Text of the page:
The first half day back to hauling was pretty encouraging. Not the weather, but the lobsters. It was foggy and dismal as had been the case for many weeks. I baited up the afternoon before, realizing that I can bag bait even if it's blowing 25, but there are only so many calm hours to be rowing and hauling traps.
My first half day's worth of gear was pretty close around the island. I started behind the breakwater, worked around Wheaton Island, into Old Cove and Back Cove. I poked around in the fog, staying very close to shore, enjoying the boat, freshly painted trap flipper and solar charged winch- all the things that are now in muscle memory, but which were either totally unfamiliar, or which did not exist a year ago.
It was a knuckle cleaning, tendon wrenching, obsenity and despair filled few weeks at first last year as I discovered the set-in-stone limitations as well as painfully acquired some boat handling and trap pulling skills. I tell myself the same thing now when I'm doing something clumsily, which never seems to happen when nobody's watching: I am primarily an entertainer. Flailing around, messy moorings, bonking into my skiff, goofy almost balancing acts. Those are all part of the show. I got to skip all of that for the first day back. Besides, it was too foggy for anybody to see the stage.
Yesterday felt like vaulting from April, over May and June into July. I was hot and a little stifly as I started at West Point after a refreshing 42 minute paddle. I hauled a full day's worth of gear working back around the islets and ledges. I also feel as though I vaulted over the first few months of last year. I immediately took up where I'd left off in September. The setup worked. I seemed to remember how to work as well. I hauled 75 pots and scooted back in with my new motor. With the motor, I feel as though I'm sitting on the ledge of a convertible and should be waving as I putt along at a stately pace. It is regal, or at least like the second runner up at the sardine festival parade.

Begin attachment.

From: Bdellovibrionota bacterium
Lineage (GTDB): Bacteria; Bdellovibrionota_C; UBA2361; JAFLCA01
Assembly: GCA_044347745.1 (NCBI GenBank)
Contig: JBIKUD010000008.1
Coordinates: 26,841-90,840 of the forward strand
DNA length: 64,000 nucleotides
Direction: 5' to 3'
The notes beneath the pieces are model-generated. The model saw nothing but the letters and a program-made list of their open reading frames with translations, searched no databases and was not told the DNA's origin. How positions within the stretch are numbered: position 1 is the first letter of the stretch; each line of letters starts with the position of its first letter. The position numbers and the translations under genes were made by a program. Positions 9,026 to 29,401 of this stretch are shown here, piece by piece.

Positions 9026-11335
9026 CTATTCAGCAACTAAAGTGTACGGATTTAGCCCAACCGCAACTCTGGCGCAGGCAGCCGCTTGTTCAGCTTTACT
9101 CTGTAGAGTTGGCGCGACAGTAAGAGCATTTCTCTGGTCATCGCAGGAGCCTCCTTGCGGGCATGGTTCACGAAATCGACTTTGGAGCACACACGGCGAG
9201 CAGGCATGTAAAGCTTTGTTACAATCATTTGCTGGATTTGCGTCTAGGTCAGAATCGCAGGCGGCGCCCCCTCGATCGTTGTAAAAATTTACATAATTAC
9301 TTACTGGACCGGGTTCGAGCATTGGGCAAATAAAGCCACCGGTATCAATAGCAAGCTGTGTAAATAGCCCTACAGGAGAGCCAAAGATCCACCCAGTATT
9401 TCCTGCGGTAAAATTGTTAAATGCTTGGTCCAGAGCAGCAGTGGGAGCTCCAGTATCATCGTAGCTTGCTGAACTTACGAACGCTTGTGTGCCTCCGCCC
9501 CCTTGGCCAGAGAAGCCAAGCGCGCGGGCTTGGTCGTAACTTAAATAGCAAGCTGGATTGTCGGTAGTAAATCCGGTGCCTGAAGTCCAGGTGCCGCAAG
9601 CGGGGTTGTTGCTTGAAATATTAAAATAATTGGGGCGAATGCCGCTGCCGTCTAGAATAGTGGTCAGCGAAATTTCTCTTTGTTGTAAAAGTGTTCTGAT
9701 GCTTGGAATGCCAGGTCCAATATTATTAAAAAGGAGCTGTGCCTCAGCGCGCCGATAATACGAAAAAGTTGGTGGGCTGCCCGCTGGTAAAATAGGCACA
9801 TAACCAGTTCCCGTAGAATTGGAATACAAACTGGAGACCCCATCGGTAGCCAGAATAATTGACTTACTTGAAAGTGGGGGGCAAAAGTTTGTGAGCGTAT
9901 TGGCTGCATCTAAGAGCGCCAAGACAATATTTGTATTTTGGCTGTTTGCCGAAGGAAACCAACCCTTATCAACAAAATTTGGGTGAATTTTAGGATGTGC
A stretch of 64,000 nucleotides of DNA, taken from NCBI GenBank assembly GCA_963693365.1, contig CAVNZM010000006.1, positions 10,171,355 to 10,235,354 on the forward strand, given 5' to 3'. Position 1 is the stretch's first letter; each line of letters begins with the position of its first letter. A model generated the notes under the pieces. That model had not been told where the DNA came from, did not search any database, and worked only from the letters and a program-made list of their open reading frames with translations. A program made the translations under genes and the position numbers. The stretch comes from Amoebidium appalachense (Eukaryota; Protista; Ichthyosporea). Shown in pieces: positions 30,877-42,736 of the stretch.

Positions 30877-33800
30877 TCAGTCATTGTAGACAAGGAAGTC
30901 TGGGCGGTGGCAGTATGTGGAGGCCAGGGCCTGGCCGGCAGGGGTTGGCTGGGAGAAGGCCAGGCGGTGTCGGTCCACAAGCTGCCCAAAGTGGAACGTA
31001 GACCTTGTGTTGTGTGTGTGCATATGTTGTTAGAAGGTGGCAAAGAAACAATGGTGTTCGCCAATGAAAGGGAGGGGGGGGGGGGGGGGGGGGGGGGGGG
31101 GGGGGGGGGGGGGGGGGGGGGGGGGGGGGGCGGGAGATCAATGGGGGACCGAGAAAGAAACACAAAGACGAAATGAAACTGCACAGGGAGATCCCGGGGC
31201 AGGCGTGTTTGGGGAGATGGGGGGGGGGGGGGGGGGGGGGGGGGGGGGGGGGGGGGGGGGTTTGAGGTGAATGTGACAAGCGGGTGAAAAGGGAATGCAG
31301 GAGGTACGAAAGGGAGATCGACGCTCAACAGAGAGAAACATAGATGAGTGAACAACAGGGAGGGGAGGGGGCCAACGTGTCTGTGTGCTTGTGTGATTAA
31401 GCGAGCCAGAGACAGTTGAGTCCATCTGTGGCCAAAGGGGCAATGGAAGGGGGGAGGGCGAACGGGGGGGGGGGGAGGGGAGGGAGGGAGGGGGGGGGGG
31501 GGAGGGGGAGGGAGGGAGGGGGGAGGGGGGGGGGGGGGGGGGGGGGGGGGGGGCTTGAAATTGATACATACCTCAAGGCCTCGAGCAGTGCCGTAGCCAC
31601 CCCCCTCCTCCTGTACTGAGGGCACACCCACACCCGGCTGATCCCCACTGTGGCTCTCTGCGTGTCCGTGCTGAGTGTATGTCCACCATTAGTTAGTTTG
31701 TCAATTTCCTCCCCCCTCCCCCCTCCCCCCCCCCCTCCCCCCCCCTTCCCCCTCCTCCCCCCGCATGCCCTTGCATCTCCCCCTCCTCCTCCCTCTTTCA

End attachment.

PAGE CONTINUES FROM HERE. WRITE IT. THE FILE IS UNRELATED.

The motor, battery and I are still getting to know one another. Being that the winch is essential while the motor is a regal luxury, I can't run the battery flat with the motor early in the day. I don't have a battery gauge any more because the battery case marketed by the same company as the motor has corroded into nothingness in less than a year. As a result, I am starting out being very judicious with the motor, limiting its running time to official monarchical and regal occasions, or when I'm tired and there's a ways between strings of traps.
What the whole solar experience reminds me is how potent petroleum is as an energy form. I'm capturing photons a few at a time and a few hours at a time while oil is millenia of stored sunlight metabolized by plants, little algae in the ocean that died and piled up on the seabed in very large numbers.
The alternative energy experience has also helped highlight electrical and mechanical challenges in the saltwater environment. Every single time I've been out setting traps or testing the engine or whatever else, I come to an inevitable point where an electrical connection fails. Not just any electrical connection. Clayton helped me see to it that most of the gear is wired to open boat saltwater tolerance. There's this one particular connection that forever vexes me. The positive battery post on the "waterproof" trolling motor "power center," or plastic box that keeps the battery dry. I have sweet talked, dirty talked, taken apart, cranked back together every nut, bolt and ring terminal in this part of my photon supply chain EVERY SINGLE TIME I've come in.
As I was getting ready to haul my second trap yesterday- after the 42 minute warm up row- I hit the switch and listened to the gentle lap of wavelets instead of the hearty hum of my winch. The connection went again first thing, way out from the harbor. This stupid little thing was going to end my first real workday before it began. I decided to hardwire everything straight to the battery and use the box cover as a hood. The whole works was way more frisky with a solid connection. zzziinngggg!
That battery post was my o-ring, that little part that can disable an entire system. Since I don't want to spend any money on a new saltwater box until I'm actually making some money, I'll rig the box and bypass the external terminals altogether. I will zip about, waving as the Peapod Crown or Clown Prince of The Isle.
Sea you there.